The amount of bad language on US TV has been condemned by a watchdog group.
Swearing in televised movies is of concern to watchdogs
A study of the major broadcast networks by the Parents Television Council found a jump in profanity on "virtually every network".
It called on the TV industry to reduce what it called "the flood of vulgarity".
The results mirror the findings of a similar UK survey in July which found that the use of bad language was also increasing on British TV.
That report - by Mediawatch-UK - said that the "f-word" was used almost 1,500 times in films on the five terrestrial channels during the first half of 2003.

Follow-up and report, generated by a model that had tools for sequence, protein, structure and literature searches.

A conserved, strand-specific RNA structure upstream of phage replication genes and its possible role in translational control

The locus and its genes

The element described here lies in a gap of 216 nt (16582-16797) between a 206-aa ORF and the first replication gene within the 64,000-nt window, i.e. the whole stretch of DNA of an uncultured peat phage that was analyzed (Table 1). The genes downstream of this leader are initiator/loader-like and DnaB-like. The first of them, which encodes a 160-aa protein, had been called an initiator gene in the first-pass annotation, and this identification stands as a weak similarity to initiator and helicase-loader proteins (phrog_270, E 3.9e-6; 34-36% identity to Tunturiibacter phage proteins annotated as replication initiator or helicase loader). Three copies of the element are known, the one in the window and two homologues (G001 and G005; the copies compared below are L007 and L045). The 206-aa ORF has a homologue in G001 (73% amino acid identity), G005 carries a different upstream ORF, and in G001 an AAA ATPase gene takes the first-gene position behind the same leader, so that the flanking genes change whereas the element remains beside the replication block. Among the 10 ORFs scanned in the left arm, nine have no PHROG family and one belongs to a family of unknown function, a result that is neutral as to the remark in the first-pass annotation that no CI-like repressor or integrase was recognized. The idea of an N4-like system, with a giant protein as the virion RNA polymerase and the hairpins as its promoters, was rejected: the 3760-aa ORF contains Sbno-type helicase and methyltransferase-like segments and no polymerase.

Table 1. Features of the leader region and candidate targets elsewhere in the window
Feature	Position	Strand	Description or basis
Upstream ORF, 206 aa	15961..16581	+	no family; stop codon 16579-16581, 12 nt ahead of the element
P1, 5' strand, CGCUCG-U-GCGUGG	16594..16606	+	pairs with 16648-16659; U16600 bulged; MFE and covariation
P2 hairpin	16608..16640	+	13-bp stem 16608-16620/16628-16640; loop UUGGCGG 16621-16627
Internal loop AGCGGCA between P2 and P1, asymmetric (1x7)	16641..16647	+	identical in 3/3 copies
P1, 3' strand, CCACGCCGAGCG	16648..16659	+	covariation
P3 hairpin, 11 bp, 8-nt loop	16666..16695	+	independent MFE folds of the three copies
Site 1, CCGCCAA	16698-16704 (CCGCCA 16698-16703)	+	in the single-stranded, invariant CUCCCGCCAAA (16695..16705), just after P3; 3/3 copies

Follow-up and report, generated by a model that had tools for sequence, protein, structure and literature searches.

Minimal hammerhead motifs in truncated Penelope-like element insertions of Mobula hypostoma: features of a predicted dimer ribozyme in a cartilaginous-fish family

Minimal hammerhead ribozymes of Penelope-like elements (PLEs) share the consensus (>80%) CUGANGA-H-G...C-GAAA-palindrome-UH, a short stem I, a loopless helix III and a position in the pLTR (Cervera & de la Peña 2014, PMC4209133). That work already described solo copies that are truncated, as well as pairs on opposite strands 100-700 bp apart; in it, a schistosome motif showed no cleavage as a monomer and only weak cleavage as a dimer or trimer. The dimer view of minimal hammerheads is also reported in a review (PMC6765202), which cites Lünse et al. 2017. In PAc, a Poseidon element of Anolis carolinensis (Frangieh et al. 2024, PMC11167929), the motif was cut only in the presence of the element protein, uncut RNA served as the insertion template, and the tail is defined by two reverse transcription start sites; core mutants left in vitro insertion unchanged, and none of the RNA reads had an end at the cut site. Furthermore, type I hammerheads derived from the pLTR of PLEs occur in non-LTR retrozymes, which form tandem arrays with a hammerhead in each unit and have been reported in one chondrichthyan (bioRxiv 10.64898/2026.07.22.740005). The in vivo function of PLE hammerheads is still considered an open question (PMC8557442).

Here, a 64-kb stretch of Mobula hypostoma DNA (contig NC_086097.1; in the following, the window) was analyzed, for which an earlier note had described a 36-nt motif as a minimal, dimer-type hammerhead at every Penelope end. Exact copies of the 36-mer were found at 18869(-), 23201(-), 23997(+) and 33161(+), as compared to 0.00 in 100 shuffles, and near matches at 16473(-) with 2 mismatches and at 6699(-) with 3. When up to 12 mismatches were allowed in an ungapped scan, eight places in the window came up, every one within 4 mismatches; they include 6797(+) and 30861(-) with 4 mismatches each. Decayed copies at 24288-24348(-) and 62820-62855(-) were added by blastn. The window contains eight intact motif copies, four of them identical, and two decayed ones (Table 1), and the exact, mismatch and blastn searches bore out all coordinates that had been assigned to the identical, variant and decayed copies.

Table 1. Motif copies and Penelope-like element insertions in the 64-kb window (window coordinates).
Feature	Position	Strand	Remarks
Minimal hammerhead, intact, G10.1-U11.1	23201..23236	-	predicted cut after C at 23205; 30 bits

In the US, the Parents Television Council said broadcasters had "attempted to rewrite the book on language standards for television".
In a study of all primetime entertainment series from a two-week period in 1998, 2000 and 2002, it found a jump in profanity on "virtually every network" and in every time slot.
The study examined ABC, CBS, NBC, Fox, WB and UPN.
During the so-called "family hour" from 8pm - 9pm, it found that "foul" language increased by 94.8% between 1998 and 2002. It rose by 109% during the hour from 2100.
ABC and Fox declined to comment on the findings.